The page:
Discovering inhibitors of gain-of-function Phospholipase C gamma1 for T-cell lymphomas

Lead Research Organisation: University College London

Abstract

This proposal is aimed at creating medicines that can control a protein called Phospholipase Cgamma1, for use in the treatment of a subtype of blood cancers, known as T-cell lymphomas. It is based on clinical insight provided by our team, including those treating patients with this disease and the recognition of a need for improved therapies. We have long-term expertise on the proposed target molecule. We believe we have established a set of interconnected experimental and screening approaches that will provide the route to new treatment options, and would now like to turn these advances into a medicine, with the help of the access to the AstraZeneca screening collection to start our drug discovery efforts. Although this proposal focuses on T-cell lymphomas, drugs obtained for this purpose will be also useful for a range of other diseases caused by deregulation of the same target.

Technical Summary

We propose to generate inhibitors to target gain-of-function PLCgamma1 variants in the context of dysregulated T-cell signalling, for the treatment of T-cell lymphoma. This is a relatively rare cancer, with dismal prognosis for more aggressive forms. A need remains for a selective agent that targets biology specific to these cells.
This proposal is based on clinical insight provided by our team. Dr Lucy Cook is not only treating the patients but recently led a consensus for a best practice and has opened clinical trials while Professor Charles Bangham has the long-term involvement in defining the mechanism of leukaemogenesis in T-cell lymphoma (in particular ATL). Notably, the proposal also exploits our expertise in PLCgamma enzymes in physiology and pathology and a focus on structural and mechanistic aspects of their regulation, provided by the Katan team. Based on our recent structural insights (collaboration with AstraZeneca) and further characterization of the variants supporting a distinct conformation of gain-of-function proteins, we are in a leading position to take the proposed approach.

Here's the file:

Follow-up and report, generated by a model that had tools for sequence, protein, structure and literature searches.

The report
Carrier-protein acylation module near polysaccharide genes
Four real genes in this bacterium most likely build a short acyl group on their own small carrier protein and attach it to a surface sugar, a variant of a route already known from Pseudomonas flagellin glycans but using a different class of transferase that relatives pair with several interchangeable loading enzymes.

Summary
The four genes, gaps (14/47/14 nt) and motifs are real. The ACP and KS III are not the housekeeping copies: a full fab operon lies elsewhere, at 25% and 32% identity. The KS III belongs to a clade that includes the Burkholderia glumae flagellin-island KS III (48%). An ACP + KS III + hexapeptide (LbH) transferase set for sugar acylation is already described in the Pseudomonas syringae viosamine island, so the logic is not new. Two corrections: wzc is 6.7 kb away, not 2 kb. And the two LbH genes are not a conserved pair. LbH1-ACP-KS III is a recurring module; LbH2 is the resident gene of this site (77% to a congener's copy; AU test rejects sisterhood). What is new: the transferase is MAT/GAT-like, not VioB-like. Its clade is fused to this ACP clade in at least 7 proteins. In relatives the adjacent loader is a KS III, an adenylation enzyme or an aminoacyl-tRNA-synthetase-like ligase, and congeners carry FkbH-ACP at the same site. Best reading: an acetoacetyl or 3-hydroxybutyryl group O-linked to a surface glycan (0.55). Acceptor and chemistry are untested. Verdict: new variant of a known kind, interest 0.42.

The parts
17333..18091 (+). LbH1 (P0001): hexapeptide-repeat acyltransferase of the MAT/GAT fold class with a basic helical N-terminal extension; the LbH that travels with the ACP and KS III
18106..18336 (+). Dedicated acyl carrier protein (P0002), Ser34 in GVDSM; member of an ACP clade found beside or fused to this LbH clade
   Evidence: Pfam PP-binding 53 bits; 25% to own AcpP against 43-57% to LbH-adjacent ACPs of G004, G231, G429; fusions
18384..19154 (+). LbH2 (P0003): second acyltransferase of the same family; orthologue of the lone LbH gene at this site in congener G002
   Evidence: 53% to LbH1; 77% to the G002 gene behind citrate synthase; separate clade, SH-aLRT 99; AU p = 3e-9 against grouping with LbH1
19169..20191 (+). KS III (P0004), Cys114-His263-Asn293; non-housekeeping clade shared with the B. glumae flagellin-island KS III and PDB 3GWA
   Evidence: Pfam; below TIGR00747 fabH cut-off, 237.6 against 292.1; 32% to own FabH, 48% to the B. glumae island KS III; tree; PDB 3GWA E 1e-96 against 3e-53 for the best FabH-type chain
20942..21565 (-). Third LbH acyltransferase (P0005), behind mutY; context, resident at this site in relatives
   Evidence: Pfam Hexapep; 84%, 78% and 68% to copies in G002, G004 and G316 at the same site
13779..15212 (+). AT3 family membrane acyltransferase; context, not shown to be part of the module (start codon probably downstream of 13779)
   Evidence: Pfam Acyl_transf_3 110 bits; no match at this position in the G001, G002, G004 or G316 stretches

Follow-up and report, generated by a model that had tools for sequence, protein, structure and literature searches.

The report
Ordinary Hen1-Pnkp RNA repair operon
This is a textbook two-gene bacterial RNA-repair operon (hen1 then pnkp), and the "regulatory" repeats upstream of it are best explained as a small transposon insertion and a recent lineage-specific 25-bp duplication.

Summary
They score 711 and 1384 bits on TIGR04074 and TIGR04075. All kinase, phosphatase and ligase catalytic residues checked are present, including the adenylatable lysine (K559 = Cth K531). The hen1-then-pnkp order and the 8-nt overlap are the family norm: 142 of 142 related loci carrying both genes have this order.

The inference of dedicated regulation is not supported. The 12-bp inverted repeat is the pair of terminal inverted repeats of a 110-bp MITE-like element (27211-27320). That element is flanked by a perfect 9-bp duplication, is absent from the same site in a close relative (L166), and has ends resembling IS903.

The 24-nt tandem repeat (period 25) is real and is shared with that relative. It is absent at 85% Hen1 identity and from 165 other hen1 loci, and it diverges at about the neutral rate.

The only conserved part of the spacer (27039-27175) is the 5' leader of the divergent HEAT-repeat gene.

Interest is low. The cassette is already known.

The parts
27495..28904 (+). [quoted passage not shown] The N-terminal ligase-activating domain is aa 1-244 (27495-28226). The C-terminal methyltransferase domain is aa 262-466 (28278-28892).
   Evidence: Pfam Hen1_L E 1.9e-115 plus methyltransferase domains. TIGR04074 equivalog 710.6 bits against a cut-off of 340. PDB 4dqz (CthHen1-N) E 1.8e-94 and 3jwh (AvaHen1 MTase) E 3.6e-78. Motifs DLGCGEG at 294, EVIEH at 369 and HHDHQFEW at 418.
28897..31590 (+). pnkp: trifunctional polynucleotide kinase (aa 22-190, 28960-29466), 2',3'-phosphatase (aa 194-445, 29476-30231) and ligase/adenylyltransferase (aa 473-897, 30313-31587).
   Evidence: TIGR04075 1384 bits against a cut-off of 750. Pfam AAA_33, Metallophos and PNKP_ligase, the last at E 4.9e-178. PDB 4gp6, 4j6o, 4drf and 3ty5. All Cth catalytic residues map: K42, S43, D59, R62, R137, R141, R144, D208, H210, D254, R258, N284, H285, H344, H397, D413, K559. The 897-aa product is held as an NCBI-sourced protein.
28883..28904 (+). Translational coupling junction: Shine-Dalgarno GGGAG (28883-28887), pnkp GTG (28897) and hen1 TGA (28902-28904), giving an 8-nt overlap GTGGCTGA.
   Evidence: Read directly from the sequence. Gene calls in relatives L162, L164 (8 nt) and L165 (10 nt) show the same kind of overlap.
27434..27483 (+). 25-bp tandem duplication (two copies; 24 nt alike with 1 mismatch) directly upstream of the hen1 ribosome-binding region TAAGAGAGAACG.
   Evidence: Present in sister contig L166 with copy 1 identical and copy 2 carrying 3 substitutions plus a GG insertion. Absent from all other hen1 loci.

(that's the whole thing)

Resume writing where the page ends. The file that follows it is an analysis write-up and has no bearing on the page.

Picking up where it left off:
This proposal also builds on our current, MRC-funded project (Assessing new therapeutic opportunities linked to TCR signalling in mature T-cell lymphomas with unmet need) led by Professors Katan and Bangham. Dr Richard Angell has participated in generating leads for a number of novel targets at UCL, including two Open Innovation collaborations with AstraZeneca. The team has extensive experience of working effectively with the AstraZeneca team.
We propose to carry out a high throughput screen for PLCgamma inhibitors using the AstraZeneca proprietary compound library. Primary assay development has been completed by the Academic Partners (Dr Trevor Askwith, Dr Tom Bunney) and the downstream cascade assays identified. Small-scale reagent generation has also been performed and we are in a position to generate the reagents required for a high throughput screen."

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